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September 25, 2018

Bug Time


By Spider Rybaak

Bass bugs and poppers

Summer’s end shifts life into overdrive. It’s now or never for seasonal plants and animals, including insects. And while big, creepy, crawling things are enough to keep average folks away from unsprayed waterfront, bass, and the guys who chase ‘em, head for the bank.

You see, September’s nights are longer and cooler than July’s and August’s, stirring comfortable temperatures into the shallows, luring the game fish that split for the deep to escape summer’s heat. Back in their old turf, it doesn’t take long for them to resume feeding on the menu of delights that falls into the drink from the grass, bushes, and branches lining shore.

The commotion that a crawling or flying terrestrial insect makes in its struggle to stay afloat is like a dinner bell. The louder and sloppier it is, the more it excites the emotions of the pillars of the aquatic community living below. Indeed, a splash that would have spooked a hawg bass a couple weeks ago now draws him in to investigate. And if the source of the racket is winged, or hairy with legs hanging all over the place, the game fish will suck it in like an hors d’oeuvre.

While some of the terrestrial animals which large game fish find tasty are pretty big (snakes, young waterfowl, baby muskrats come to mind), the vast majority are much smaller, ranging in size from a yellow jacket to a mouse. Over the years, a class of lures has been developed to imitate hapless terrestrials trapped in the drink: poppers.

They come in two styles: deer-hair- and cork-bodied.

The former is generally made of bucktail shaped to resemble anything from crayfish and sunfish to mice. Cork-bodied varieties are about the size and shape of the bottom of a Hi-liter in the front, with the body tapering towards the back, ending in a tail of feathers. Both have flat faces so they gurgle and spit when retrieved; cork models have rubber legs protruding enticingly from the sides.

Poppers range from over an ounce to 1/32 oz.–even smaller.  Those running from 1/16 oz and less are too light to be cast with conventional fishing equipment. They’re designed to be worked with fly-fishing tackle.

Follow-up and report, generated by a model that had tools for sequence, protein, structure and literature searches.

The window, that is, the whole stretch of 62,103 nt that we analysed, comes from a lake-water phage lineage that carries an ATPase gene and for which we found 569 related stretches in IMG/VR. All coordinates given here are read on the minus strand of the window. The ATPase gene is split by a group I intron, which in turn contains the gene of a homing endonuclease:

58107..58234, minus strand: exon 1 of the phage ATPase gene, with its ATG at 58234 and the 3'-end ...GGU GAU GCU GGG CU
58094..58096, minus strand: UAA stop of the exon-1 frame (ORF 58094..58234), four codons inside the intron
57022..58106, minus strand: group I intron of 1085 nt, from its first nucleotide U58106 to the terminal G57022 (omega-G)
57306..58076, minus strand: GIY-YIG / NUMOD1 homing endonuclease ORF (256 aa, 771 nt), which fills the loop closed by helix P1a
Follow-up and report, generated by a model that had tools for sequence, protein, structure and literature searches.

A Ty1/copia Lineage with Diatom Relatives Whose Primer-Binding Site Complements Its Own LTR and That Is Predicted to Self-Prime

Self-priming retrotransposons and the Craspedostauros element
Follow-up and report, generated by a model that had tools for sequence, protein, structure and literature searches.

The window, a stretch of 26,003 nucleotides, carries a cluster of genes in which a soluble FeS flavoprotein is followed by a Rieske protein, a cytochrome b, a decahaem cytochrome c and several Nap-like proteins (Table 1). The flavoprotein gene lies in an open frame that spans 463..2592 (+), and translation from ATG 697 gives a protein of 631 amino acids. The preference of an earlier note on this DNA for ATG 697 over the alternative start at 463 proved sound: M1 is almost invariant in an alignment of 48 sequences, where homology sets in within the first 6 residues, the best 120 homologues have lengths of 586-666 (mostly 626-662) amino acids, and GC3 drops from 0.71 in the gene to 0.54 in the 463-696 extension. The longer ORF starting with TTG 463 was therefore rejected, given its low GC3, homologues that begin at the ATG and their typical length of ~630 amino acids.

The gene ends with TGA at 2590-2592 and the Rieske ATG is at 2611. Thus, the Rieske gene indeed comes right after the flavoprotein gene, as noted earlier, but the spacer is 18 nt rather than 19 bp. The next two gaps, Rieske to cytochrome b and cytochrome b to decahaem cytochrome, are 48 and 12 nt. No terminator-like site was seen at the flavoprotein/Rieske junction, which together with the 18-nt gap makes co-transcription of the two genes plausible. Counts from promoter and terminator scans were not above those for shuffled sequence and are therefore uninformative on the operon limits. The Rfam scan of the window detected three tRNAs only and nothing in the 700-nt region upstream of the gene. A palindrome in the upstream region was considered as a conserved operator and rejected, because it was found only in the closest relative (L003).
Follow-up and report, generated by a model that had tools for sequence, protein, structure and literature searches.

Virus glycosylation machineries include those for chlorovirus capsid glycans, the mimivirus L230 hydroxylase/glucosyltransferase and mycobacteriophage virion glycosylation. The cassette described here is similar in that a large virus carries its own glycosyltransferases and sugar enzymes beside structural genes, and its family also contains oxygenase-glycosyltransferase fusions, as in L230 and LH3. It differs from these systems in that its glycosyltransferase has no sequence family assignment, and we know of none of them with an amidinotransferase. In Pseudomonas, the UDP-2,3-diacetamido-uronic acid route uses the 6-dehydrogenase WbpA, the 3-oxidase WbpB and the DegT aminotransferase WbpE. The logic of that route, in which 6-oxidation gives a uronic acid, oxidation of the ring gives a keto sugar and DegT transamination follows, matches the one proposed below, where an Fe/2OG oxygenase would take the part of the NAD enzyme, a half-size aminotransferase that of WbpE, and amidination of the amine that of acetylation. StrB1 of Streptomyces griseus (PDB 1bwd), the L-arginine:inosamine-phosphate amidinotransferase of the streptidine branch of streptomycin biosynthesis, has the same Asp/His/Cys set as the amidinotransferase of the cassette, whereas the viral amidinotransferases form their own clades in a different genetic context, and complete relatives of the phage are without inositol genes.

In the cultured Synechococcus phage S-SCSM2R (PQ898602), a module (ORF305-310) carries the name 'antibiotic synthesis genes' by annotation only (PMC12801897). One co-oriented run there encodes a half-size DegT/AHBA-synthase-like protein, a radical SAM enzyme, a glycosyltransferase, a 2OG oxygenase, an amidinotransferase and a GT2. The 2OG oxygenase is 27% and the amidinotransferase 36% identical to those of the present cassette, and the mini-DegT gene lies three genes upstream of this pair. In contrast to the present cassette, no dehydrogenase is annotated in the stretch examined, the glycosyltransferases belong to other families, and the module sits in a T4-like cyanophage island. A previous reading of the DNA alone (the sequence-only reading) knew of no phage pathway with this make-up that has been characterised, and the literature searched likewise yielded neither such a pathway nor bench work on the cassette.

Poppers are worked by retrieving the line in short (six inches to a foot), sharp jerks, stopping for a second or two every now and then to set their little legs in motion, giving reluctant followers a chance to change their minds.

Fishing with poppers is a very visual experience. Imagine jerking a spitting object over the surface. Suddenly, a swell appears behind the bug, followed by a mouth the size of a toy steam shovel sucking in the offering. Some fish are so enthusiastic, they jump clear out of the water when they hit, practically pulling the rod out of your hands.

Fly-fishing with large bass bugs requires a heavy line (at least 9 wt.) to carry the wind-resistant lure through the air. A classy Hardy fly- rod in excess of 8-feet long, with a matching Hardy fly-reel loaded with a Profile floating fly  line makes long distance casting possible.

Good spots to wade and fly-fish with bugs include Oneida Lake’s Phillips Point (Three Mile Bay/Big Bay Wildlife Management Area), Fulton’s Lake Neahtahwanta, and the pool at the mouth of Deer Creek (Deer Creek Wildlife Management Area). If you have a boat, Sandy Pond, the Salmon River estuary and any shallow, weedy area on Oneida Lake will lead to your fishing satisfaction.

Bass bugs and poppers are available at all bait shops, mail order houses like Bass Pro Shops and Cabela’s, and major dot.coms like Amazon.

Fat rock bass taken at Hoad Harbor; note the popper’s legs protruding from its gill plate
Hawg bucketmouth taken at Phillips Point, Oneida Lake
Pickerel taken at Cleveland Docks, Cleveland

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